I saw it in the lives of our missionaries and others who articulate the gospel with a compassion that would impress even the most astute theologian, Massar says. (Image courtesy of winnond/FreeDigtitalPhotos.net)
I spent a day recently with Baptist missionary Jenny Hodge at the Together For Hope ministries in Lake Providence, Louisiana, one of the poorest places in the U.S.
It was an eye-opening experience, which began as I drove up.
There was a man working in the mission house yard. We exchanged pleasantries, and he showed me some of the work he had been doing.
I was impressed with his work but became even more impressed when I found out that he was doing the work as a volunteer.
He is one of those in Lake Providence looking for work. Thus, he was taking care of the missionary house's exterior for no pay, just the opportunity to show people the quality of his work. You might call it occupation without compensation.
It was the first evidence of the plight of hard-working people struggling to make ends meet.
As Jenny gave me a tour of Lake Providence, I realized that my first encounter was not going to be an isolated event.
She narrated the town's history - more distant past and recent past - and how at one time Lake Providence had been a thriving community, benefiting from a robust rural economy augmented by a healthy tourism because of the secluded beauty of the place.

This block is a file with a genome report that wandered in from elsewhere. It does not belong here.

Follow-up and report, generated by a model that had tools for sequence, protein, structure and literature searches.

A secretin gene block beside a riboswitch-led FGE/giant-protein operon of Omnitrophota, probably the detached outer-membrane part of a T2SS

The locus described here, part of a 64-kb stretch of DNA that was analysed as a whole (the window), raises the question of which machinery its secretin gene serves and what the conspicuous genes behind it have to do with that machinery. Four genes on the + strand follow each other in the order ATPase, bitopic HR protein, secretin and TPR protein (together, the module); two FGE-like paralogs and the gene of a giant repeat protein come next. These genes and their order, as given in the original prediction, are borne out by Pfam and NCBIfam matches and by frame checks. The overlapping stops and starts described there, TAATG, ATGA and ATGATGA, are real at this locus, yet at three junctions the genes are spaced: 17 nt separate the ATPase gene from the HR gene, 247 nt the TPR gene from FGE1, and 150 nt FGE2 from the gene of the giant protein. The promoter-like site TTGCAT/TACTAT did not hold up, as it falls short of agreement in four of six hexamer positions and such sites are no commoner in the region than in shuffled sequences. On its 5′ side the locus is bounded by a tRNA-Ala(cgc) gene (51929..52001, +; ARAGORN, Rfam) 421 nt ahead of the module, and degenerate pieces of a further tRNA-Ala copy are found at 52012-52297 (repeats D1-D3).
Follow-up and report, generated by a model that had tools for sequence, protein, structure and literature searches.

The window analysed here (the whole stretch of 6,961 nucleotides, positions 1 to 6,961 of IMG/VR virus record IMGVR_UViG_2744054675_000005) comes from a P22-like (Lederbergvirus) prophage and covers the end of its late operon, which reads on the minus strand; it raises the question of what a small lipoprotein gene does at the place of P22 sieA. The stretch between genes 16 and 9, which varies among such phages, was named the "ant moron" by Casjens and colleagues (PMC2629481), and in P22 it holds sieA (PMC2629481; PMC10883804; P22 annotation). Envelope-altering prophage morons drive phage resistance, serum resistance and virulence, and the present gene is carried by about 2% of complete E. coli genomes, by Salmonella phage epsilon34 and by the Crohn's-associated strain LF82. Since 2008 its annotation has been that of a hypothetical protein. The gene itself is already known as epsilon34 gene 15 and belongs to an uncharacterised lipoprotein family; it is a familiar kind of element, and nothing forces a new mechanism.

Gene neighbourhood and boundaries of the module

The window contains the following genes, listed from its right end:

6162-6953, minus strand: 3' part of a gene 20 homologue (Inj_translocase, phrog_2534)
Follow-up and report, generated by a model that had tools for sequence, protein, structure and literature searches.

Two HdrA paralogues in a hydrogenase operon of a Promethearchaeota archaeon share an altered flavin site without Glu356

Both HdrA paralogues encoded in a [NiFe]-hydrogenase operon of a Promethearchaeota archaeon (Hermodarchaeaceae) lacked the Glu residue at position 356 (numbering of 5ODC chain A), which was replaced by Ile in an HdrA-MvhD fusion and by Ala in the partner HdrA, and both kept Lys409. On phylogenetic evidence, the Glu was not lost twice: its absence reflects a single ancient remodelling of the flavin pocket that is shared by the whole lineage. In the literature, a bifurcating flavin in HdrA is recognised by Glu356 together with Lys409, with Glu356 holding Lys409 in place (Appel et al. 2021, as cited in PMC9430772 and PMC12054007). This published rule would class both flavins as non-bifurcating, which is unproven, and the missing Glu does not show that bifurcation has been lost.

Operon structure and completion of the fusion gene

However, with the advent of agricultural automation, farms no longer needed the manpower they once did, and a large part of the population lost their livelihood.
Over the past 50 years or so, the gap between the rich and poor has widened. My guided tour evidenced that.
On the north side of the lake, there were beautiful homes with large manicured lawns.
The south side was dramatically different, with weathered trailers and dilapidated sheds clustered closely together.
As we moved through the south side, I noticed that, although it was midday, a lot of people were sitting on their porches. Jenny told me that they were mostly folk out of work and were just trying to stay cool.
I couldn't help but notice that Jenny waved and called them by name. And as we moved along, she shared a brief history of each family.
In one sense, the stories were heart-breaking because of the sad circumstances of those lives, but in another sense altogether the stories were imbued with the hope and care shown by Jenny. I was moved by her efforts to share the love of Christ in that community.
Someone once came to me and complained about the theology of a fellow church member, describing it as disgustingly liberal.
Ironically enough, while this person vehemently objected to the other church member's way of thinking, they voiced admiration for the many Christian things this person did in the church and community.
My response was something to the effect that theology is best articulated in deed versus word. Pay attention to the heart, and matters of the mind will make more sense.
There is a lot of misery in Lake Providence and some questionable theology in those who simply dismiss it as God's will. But there is also some good theology being espoused there.
I saw it in the lives of our missionaries and others who articulate the gospel with a compassion that would impress even the most astute theologian.
I am grateful for my time in Lake Providence and for the loving hearts of Jenny and others who seek to live out the word of God. It makes me want to be in that number.
Mike Massar is co-pastor of University Baptist Church in Baton Rouge, Louisiana, and transitional coordinator for the Cooperative Baptist Fellowship of Louisiana. A version of this column first appeared in UBC's weekly newsletter, The Window, and is used with permission.